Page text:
Teaching about Islam as a Black Religion
For the past fifteen years I have tried to teach about Islam as a religiously diverse tradition practiced by communities around the globe. I have done so in hopes that my students would be able to imagine Islam as a complicated phenomenon beyond either Islamophobia or Islamophilia.
Sometimes, it is a lost cause. The positive or negative prejudices toward Islam are so deeply ingrained, the assumptions and beliefs so fundamental to a person’s identity, that there is little I can do to encourage critical reflection. In these cases, my modest hope is that students will learn some useful information and this information will sharpen their intellectual commitments.
But recently, it feels like most of my Muslim and non-Muslim students come into the classroom open-minded and anxious to learn something new. One of the nicest compliments that I have ever received from a practicing Muslim recently was that I had offered an approach to Islam that she has never encountered in weekend school, Islamic halaqas (study circles), or her family. She didn’t have to agree with it to find it valuable, she said.
So, what exactly have I been up to in the classroom?
I teach about the many of the same themes that other Islamic studies instructors do, including traditional and modern scholarly views of the Prophet Muhammad, the Qur’an in Islamic religious history and practice, the pillars of Islamic practice and faith, the shari‘a, and Sufism. I introduce different interpretations and practices beyond modern, reform-oriented Sunni Islam, and I include lots of audio-visual aids.
The twist is that from the very beginning, I include the story of people whom my students identify as Black or African. When talking about the Prophet Muhammad, for example, I include the story of Bilal, his companion and prayer-caller. When I introduce the Word of God, I describe how some people in West Africa literally imbibe it. The study of Islamic spiritual quest and mystical experience explores not only the Chishti, Mevlevi, and Naqshbandi Sufi orders, but also the African Indian followers of Bava Gor in Gujarat and the Stambeli in Tunis. My introduction to shari‘a includes discussion of the Maliki-trained Bilali of Sapelo Island, Georgia.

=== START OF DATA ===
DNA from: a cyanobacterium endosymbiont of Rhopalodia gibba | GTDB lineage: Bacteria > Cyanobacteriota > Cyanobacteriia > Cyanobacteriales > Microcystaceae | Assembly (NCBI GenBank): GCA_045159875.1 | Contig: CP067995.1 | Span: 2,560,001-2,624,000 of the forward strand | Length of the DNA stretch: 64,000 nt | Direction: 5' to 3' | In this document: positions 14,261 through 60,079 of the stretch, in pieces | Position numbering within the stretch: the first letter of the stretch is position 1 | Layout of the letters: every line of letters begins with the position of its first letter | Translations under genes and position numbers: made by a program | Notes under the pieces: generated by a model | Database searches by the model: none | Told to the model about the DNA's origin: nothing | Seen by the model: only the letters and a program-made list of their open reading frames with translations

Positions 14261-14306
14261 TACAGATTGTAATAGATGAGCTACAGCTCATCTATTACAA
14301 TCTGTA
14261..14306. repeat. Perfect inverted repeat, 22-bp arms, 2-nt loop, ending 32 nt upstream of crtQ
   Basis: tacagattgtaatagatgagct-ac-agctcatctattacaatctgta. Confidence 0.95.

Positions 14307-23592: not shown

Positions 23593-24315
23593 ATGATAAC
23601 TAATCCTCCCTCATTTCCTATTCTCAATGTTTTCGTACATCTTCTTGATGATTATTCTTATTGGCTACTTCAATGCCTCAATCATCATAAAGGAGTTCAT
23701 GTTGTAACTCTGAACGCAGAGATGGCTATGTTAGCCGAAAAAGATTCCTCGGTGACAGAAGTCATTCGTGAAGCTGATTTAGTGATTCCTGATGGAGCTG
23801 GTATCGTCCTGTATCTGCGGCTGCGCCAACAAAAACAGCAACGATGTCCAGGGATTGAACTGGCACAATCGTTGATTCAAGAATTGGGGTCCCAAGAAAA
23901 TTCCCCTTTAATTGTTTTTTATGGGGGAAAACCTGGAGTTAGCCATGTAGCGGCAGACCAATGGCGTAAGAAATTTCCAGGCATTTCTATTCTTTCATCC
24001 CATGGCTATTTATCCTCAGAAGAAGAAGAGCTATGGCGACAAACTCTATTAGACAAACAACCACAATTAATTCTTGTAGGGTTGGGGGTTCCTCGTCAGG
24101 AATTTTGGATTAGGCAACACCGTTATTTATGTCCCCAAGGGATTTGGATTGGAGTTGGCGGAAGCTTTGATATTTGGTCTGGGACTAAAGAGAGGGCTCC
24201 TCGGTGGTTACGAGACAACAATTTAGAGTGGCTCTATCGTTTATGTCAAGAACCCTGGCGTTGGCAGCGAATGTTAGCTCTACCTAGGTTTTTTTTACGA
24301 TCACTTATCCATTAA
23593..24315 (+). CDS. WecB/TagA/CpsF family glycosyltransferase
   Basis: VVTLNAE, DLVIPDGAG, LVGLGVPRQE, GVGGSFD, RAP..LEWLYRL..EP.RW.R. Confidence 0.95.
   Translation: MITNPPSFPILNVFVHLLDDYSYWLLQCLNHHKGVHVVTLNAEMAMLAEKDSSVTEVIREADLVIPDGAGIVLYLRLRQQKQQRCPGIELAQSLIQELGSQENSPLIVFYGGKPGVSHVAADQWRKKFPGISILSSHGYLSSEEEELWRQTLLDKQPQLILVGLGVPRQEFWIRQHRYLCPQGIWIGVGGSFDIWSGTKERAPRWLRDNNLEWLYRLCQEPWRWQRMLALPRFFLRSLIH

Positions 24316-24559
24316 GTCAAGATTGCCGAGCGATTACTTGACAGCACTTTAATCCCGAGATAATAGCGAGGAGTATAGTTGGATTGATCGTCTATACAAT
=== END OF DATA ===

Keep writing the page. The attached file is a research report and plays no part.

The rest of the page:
These are not my only options. In the future, when I am trying to describe the widespread love for the Prophet Muhammad among Muslims, I could quote from Swahili poetry or the words of nineteenth-century West African female scholar Nana Asma’u. I could include coverage of the Tijani and Muridi orders in my discussion of Sufism, or examine Timbuktu and Jenne as centers of medieval Islamic learning, including qur’anic education. Last but not least, I could do a lot with hip hop artists such as Mos Def, Native Deen, and Poetic Pilgrimage.
As students see all these Muslims writing, drinking, dancing, singing, chanting, and calling people to prayer, they see people who, to them, look Black. Seeing these Black faces, hearts, minds, and souls seems to reach something deep inside of them. It makes sense. Race remains a primal social identity in the United States. Narrating Islam as a Black religion disrupts the widespread racialization of Muslims as phenotypically brown in the post-9/11 era. Perhaps this is just the jolt that students need to see the full humanity of Muslims.
It may be the best pedagogical technique that I have yet used in trying to teach about Muslim diversity.